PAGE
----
Loyola University Chicago

Department of Philosophy

Phil 422: Nietzsche

This course is a study of Nietzsche's central ideas, in terms of their origins, development and significance for contemporary philosophy and culture. Focus varies, e.g., the primacy of interest, linguistic indeterminacy and the aesthetic theory of meaning, experimentalism, the question of style, and the human value of science and art.


PHIL 422: Nietzsche - Nietzsche's Positive Philosophy

Jaqueline Scott

This course will to explore the debate among Nietzsche scholars as to the nature of Nietzsche's positive philosophy. We will examine such issues as the role of tragedy, politics, culture, Dionysus, the Übermensch, will to power, ressentiment, health, and decadence in the later versions of his positive project.  We will then be asking whether this project is focused on creating great individuals or on instituting a cultural/political revaluation, and if it is as radical as he thinks it is.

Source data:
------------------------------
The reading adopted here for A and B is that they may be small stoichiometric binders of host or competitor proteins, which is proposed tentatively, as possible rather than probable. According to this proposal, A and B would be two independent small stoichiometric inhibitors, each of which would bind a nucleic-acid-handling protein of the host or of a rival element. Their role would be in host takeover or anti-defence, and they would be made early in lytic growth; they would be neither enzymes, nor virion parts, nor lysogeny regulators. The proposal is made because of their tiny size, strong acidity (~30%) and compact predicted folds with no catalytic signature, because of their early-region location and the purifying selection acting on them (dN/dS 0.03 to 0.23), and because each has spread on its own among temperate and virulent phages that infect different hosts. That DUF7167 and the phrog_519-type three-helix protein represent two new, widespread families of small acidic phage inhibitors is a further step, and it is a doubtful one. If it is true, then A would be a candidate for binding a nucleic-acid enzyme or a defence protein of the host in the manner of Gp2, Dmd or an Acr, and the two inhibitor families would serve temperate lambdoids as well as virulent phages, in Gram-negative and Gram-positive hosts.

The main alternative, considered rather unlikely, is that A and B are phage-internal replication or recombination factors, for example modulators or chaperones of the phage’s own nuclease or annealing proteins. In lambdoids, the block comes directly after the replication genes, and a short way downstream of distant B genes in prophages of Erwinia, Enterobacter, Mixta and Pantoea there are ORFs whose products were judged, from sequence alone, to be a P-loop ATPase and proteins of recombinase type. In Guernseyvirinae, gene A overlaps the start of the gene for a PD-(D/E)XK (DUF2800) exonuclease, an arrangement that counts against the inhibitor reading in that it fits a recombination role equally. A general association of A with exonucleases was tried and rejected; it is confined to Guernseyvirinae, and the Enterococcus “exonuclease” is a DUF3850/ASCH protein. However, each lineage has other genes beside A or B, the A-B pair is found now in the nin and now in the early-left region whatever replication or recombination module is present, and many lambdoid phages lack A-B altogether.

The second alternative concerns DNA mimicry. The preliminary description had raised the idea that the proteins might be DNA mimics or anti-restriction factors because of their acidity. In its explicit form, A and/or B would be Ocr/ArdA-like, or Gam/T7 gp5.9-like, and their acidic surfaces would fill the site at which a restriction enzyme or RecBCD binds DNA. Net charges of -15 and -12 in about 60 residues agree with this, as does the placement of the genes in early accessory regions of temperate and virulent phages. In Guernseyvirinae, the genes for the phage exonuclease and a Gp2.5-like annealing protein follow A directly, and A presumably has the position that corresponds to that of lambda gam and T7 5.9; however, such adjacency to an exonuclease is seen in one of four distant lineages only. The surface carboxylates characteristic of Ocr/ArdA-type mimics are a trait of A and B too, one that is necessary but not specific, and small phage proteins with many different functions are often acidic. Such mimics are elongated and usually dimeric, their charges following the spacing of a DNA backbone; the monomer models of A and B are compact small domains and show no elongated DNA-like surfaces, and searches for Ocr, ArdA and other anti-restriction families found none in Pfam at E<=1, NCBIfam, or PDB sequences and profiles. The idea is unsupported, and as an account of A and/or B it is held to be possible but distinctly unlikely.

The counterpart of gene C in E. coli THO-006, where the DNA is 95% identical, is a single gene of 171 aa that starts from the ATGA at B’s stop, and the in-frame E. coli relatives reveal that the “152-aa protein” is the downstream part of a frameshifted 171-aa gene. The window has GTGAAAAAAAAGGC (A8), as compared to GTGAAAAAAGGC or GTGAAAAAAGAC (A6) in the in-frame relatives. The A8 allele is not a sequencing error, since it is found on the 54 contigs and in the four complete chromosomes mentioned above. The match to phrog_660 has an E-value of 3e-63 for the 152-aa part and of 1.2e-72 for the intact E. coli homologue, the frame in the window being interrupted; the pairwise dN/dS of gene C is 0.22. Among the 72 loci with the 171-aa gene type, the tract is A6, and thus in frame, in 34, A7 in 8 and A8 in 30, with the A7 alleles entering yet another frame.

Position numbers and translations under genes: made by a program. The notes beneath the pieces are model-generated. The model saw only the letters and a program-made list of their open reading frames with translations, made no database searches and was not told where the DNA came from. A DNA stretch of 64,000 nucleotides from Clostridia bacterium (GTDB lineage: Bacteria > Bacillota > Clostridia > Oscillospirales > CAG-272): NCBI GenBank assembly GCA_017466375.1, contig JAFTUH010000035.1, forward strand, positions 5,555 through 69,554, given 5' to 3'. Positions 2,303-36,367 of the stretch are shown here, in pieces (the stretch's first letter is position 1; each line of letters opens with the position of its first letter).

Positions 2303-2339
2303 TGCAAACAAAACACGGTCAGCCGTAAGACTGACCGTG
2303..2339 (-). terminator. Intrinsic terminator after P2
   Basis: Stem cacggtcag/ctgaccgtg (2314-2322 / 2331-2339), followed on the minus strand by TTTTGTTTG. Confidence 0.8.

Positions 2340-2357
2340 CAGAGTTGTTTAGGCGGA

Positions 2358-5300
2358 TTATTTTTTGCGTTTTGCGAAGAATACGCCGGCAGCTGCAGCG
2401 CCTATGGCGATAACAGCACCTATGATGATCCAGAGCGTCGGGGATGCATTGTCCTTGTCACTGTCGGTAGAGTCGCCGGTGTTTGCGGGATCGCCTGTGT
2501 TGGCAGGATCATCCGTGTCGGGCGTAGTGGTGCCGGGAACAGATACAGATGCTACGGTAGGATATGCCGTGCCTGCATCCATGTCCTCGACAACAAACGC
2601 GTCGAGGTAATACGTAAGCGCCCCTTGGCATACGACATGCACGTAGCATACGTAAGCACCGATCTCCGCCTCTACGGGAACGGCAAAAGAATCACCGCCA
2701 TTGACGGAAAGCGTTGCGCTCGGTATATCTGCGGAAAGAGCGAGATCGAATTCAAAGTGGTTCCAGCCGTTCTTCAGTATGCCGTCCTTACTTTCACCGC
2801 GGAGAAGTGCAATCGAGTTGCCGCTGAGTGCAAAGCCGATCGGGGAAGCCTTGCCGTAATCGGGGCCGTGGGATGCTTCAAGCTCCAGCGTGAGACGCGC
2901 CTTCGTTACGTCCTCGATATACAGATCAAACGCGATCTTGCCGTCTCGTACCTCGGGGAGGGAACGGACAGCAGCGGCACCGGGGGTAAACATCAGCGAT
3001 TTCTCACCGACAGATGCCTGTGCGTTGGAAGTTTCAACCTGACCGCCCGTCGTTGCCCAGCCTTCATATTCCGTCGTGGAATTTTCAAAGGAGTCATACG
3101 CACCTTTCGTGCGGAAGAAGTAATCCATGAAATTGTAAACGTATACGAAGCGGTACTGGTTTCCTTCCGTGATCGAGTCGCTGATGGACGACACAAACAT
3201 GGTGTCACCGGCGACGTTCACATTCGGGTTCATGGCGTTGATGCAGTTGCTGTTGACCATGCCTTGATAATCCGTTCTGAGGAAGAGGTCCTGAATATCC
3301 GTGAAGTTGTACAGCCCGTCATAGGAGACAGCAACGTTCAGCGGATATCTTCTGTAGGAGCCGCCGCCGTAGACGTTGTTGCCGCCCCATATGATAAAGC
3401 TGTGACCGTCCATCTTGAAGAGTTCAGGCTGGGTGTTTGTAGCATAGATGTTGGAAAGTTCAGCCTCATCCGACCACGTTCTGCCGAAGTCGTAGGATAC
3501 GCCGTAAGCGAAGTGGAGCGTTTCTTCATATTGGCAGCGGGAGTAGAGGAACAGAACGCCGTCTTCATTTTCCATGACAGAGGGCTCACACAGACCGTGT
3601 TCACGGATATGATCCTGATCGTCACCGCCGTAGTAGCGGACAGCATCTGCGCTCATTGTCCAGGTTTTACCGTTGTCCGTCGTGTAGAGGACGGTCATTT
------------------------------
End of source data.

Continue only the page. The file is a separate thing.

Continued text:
PHIL 422: Nietzsche - Nietzsche's Genealogy of Morals

Jaqueline Scott

We will focus on one of Nietzsche’s best-known books: On the Genealogy of Morals. We will read Birth of Tragedy as well as two late works in order to figure out to get a more general sense of his arguments and themes in the late works, and then we will make our way through Genealogy. We will then spend the last few weeks of the course reading a few secondary sources that address themes/concepts/arguments raised in Genealogy.

On the Genealogy of Morals is most commonly known for Nietzsche’s criticisms of traditional philosophy (slave morality, bad conscience and the Christian Ascetic Ideal). In this course, we will also engage in a close analysis to suss out Nietzsche’s positive arguments. In particular, we will examine the roles of art, self-knowledge, religion, and philosophy in Nietzsche’s criticisms of, and positive suggests for, contending with philosophical nihilism.